March 5, 2009
A chapter in Yu Keping’s book “Democracy is a Good thing (referred to in post of 3 March) addresses the agenda for China’s political reforms based on the 17th five-year Congress of the Chinese Communist Party (CCP) held in October 2007 (see post of 23 November 2007). Hu Jintao’s comprehensive report to the Congress sets out the planned political reforms during his second five-year mandate ( confirmed by the Congress).
There is widely believed to be a mutually reinforcing relationship between economic progress and political development. Political reforms are a matter of must, not should. As President Hu Jintao himself said:
“As an important part of the overall reform, political reform must be constantly deepened along with economic and social development to adapt to the growing enthusiasm of the people for participation in political affairs.”
Political reform must achieve multiple goals. These include transforming government functions, promoting economic development, enhancing administrative efficiency, improving the provision of public services, maintaining social stability and containing government corruption.
Incremental democratisation is the likely order, with special attention being paid to the following fields:
· Improving democracy at the grassroots level
This calls for properly handling the relationships between party and government, between government management and the self-governance of the masses, between civil organizations and local government, and between citizens’ rights and obligations.
Currrent grassroots political reforms need to deal urgently with a number of issues, including how to effectively curb bribery in democratic elections, how to limit the influence of family clans, and how to enhance citizens’ awareness of democracy and the rule of law.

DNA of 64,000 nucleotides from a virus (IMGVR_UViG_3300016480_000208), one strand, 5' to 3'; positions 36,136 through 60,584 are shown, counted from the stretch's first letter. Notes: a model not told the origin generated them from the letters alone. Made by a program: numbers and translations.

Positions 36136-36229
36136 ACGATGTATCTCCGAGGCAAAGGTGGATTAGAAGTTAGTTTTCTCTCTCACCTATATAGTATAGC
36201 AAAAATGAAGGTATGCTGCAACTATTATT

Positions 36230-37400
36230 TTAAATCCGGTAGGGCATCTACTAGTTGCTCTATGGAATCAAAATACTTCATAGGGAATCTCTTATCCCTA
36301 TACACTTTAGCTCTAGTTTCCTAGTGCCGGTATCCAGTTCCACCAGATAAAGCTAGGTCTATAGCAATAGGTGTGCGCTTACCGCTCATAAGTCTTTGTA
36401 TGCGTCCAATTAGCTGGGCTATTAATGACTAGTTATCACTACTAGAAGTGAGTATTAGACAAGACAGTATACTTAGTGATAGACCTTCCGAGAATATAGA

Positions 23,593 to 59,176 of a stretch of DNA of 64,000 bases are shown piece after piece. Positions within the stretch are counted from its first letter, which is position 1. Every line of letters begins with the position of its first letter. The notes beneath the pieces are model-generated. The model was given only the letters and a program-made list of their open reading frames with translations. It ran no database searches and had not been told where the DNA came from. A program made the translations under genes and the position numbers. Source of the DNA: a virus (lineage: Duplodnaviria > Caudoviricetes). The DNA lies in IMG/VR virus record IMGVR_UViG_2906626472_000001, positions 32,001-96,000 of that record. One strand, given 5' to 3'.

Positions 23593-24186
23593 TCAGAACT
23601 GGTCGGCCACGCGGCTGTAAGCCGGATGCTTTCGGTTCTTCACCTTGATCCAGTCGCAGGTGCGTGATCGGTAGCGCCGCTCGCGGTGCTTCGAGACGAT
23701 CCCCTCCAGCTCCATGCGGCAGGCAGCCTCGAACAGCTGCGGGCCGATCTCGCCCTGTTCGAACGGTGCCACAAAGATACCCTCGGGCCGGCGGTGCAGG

Political reforms will focus mainly on reforming township organizations, improving instruments of self-governance through neighbourhood community and professional self-governance systems, expanding the scope for direct election of township party and government leaders, and transforming the governance structure and governing methods for city and rural areas.
· Improving intraparty democracy
With over 70 million members, the CCP represents most of the political, economic and social elites in China. Therefore, without intraparty democracy there can be no democracy at the centre of power.
· Improving legislative and judicial institutions
There are currently several problems including: the legal system is incomplete; extralegal intervention in judicial practices is still widespread; public awareness of the law is comparatively weak; injustices in judicial practices as well as local protectionism are common; the qualifications of many legal professionals need to be enhanced; and the phenomen of “legitimate” sector interests has begun to emerge
Among the measures that need to be taken, it is especially important to draft, debate, and pass laws in a more rational and democratic way; perfect the judicial system through national integration, greater independence, and freedom from extra-institutional intervention in legislative and judicial processes; and ensure that party organizations at various levels and party members at all levels take the leading role in safeguarding constitutional and legal authority.
· Improving the policymaking system and rational decision-making